Peripheral neuropathy is the most common dose-limiting side effect associated with microtubule-targeted agents. However, preclinical54–56 and clinical data support an improved profile of peripheral neuropathy with eribulin. Studies conducted in mice have shown that eribulin has less neurotoxic impact compared to paclitaxel and ixabepilone.54–56 In a comparative Phase II study in patients with MBC, time to onset of neuropathy was 35.9 weeks with eribulin and 11.6 weeks with ixabepilone; and time to resolution was 48 versus 10 weeks, respectively. In addition, the incidence of neuropathy and peripheral neuropathy associated with eribulin and ixabepilone were 33.3% versus 48.0% and 31.4% versus 44.0%, respectively (P=NS).57 Furthermore, peripheral neuropathy was uncommon among patients receiving eribulin in the Chinese Phase III study,19 and vinorelbine was associated with a significantly higher incidence of autonomic neuropathy compared with eribulin, and was also associated with an earlier onset of neurotoxicity in a subgroup analysis from this study.20 A randomized, multicenter trial including 118 patients with HER2-negative MBC showed that the incidence of neurotoxicity associated with eribulin was significantly lower than for paclitaxel (both given in combination with gemcitabine). In this study, the incidence of Grade ≥2 neurotoxicity was 13.6% with the eribulin regimen versus 45.8% for paclitaxel (P<0.001).43 The ongoing Phase IV PAINTER study will evaluate the safety profile of eribulin in patients with MBC, with a particular focus on identifying patients at risk of developing neuropathy. An association with a single nucleotide polymorphism and toxicity is being investigated, and results are awaited with interest (NCT02864030).

Conclusions and Future Directions

The need for effective treatment options for women diagnosed with MBC in China remains unmet. Currently available therapies are largely palliative and the 5-year OS rates for patients with stage I, II, III, and IV diseases are 96.5%, 91.6%, 74.8%, and 40.7%.58 Improving outcomes for patients with different subtypes of MBC using novel strategies that prolong survival and enhance quality of life after a diagnosis of metastatic disease is critical.

Eribulin is a new addition to the treatment armamentarium for MBC in China. It was approved in 2019 for patients with locally advanced/metastatic breast cancer after treatment failure with at least two chemotherapy regimens, including an anthracycline and a taxane. In the Phase III EMBRACE study, eribulin was found to improve OS compared with treatment of physicians’ choice in patients with locally recurrent/metastatic disease that had progressed following prior taxane and anthracycline therapy. Its efficacy in the Asian population was subsequently confirmed in a Phase III clinical trial conducted in China19 and in the real-world treatment setting in Japan.27 Consistent with findings from international studies, survival was better in patients in China with HER2-negative or TN breast cancer who received eribulin than in those given vinorelbine.19 Evidence Blocks from the National Comprehensive Cancer Network (NCCN) for 2020 provide a visual representation of the key measures of oncology therapies, allowing health care providers and patients to make informed decisions regarding treatment choices.59,60 The evidence block scores for eribulin are 4/5 for efficacy, indicating that the agent is considered very effective (cure unlikely but sometimes provides a long-term survival advantage), similar to the efficacy evidence scores for doxorubicin and paclitaxel. Coupled with clinical activity, the improved safety and tolerance of eribulin compared with vinorelbine and other agents (described above) indicate that eribulin may be a preferred option for use after taxanes and anthracyclines.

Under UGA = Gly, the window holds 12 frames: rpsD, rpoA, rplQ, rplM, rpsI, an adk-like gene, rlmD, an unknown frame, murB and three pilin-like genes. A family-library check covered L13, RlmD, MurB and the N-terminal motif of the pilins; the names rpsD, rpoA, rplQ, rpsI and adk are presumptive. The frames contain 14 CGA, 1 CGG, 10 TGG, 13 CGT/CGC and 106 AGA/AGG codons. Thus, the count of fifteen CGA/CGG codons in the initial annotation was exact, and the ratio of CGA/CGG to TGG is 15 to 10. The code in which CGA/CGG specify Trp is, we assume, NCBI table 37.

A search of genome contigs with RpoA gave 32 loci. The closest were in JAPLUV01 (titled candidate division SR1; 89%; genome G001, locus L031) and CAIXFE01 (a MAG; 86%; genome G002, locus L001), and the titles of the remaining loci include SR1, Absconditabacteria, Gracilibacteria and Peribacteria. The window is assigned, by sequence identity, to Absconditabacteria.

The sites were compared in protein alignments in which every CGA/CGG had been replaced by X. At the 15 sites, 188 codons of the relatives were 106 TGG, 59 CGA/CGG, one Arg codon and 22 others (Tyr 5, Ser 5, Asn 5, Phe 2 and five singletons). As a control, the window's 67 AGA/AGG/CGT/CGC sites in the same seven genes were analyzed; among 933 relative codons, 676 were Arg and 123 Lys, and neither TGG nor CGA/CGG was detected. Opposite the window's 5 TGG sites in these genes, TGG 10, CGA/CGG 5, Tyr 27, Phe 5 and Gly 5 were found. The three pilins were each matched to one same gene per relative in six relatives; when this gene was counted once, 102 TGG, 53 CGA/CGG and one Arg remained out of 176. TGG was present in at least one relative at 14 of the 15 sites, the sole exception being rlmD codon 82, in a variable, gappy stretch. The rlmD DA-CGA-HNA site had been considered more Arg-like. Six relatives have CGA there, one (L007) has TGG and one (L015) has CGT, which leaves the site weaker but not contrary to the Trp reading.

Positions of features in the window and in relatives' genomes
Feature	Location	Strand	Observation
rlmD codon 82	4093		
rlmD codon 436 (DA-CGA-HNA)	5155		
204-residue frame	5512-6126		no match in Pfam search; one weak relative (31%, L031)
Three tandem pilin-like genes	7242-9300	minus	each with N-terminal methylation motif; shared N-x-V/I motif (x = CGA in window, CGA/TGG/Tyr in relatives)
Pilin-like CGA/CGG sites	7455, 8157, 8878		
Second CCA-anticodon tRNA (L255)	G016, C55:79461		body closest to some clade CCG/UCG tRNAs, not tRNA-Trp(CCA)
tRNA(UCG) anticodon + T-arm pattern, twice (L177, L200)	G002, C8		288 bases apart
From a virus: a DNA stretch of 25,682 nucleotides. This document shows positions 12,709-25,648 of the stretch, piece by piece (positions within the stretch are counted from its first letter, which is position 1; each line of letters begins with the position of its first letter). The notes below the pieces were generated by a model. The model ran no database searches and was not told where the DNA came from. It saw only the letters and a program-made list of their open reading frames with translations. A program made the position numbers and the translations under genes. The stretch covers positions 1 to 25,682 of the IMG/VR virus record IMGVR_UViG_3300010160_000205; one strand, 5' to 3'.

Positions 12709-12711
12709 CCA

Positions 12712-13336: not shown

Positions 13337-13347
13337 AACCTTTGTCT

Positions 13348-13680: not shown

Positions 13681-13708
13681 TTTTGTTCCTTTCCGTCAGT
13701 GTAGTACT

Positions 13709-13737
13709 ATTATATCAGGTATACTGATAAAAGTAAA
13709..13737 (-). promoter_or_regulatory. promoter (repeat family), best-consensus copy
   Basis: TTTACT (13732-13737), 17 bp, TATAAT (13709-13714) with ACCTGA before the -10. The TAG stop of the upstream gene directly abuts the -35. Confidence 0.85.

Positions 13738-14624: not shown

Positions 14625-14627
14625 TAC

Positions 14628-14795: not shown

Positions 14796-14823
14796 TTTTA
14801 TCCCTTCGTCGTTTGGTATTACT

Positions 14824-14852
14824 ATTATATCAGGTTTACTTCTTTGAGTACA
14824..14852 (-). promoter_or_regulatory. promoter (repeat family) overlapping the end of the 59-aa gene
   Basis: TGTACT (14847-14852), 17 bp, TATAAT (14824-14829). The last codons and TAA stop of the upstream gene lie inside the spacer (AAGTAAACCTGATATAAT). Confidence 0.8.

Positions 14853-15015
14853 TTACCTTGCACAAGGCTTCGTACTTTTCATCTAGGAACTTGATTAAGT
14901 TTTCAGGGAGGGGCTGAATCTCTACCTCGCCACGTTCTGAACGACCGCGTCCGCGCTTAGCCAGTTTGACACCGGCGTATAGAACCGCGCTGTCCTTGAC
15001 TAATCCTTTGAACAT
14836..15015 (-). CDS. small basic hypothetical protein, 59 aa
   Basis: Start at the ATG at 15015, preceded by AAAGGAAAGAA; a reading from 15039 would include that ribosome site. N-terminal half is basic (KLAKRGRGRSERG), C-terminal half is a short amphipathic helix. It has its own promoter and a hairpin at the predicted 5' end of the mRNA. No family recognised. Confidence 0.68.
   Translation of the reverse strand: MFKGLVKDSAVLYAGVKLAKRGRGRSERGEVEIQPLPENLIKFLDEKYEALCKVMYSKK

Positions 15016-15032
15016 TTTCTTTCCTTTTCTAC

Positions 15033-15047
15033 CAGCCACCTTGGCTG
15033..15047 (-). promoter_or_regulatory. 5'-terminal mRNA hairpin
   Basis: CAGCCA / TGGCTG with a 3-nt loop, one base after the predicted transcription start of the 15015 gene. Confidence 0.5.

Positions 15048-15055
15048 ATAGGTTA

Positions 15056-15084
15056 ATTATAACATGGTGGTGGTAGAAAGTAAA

In China, combination therapy is more widely used than single agent therapy in the MBC treatment setting. Agents such as eribulin that have well-characterized and favorable tolerability profiles are advantageous in combination therapy regimens. Preliminary data from Phase II studies indicate that eribulin may be safely combined with various agents including everolimus or olaparib in patients with TNBC,47,48 and gemcitabine in patients with HER2-negative MBC.43 Indeed, eribulin/gemcitabine combination therapy was associated with significantly less neurotoxicity versus taxane/gemcitabine in a randomized, multicenter trial in patients with HER2-negative breast cancer.43 Eribulin is also being investigated as part of a triple therapy regimen with trastuzumab and pertuzumab in an on-going Phase III trial in the first-line treatment setting in patients with HER2-positive disease (NCT03264547). Other investigational eribulin combinations include nivolumab, pembrolizumab and atezolizumab (Table 5). The efficacy and safety of eribulin in combination with camrelizumab + apatinib in patients with TNBC is currently being investigated in a Chinese study (NCT04303741).

It is hoped that the findings from these on-going trials will help to direct approaches to combination therapy with eribulin, and will lead to improved clinical efficacy and a good safety profile. Predictors of clinical response to eribulin that have been identified so far include TILs, NLR, and ALC. On-going research in China is also focusing on identifying predictors of response to eribulin in Chinese patients with MBC.

Overall, eribulin appears to be a very promising drug that carries hope for millions of patients with breast cancer in China, especially those with late-stage metastasis, and across the various MBC disease subtypes including HER2-negative, HER2-positive, and TN disease. Expanded combination treatment strategies incorporating eribulin may provide increased opportunities for prolonged survival and improved patient quality of life.

Funding

No funding was received for the writing of this article.

Disclosure

Binghe Xu reports grants from Hengrui, personal fees from Novartis, advisory fees from Roche, and fees for serving on speakers’ bureau from AstraZeneca, Pfizer, Eisai, and Roche, during the conduct of the study. The authors have no other potential conflicts of interest to declare for this work.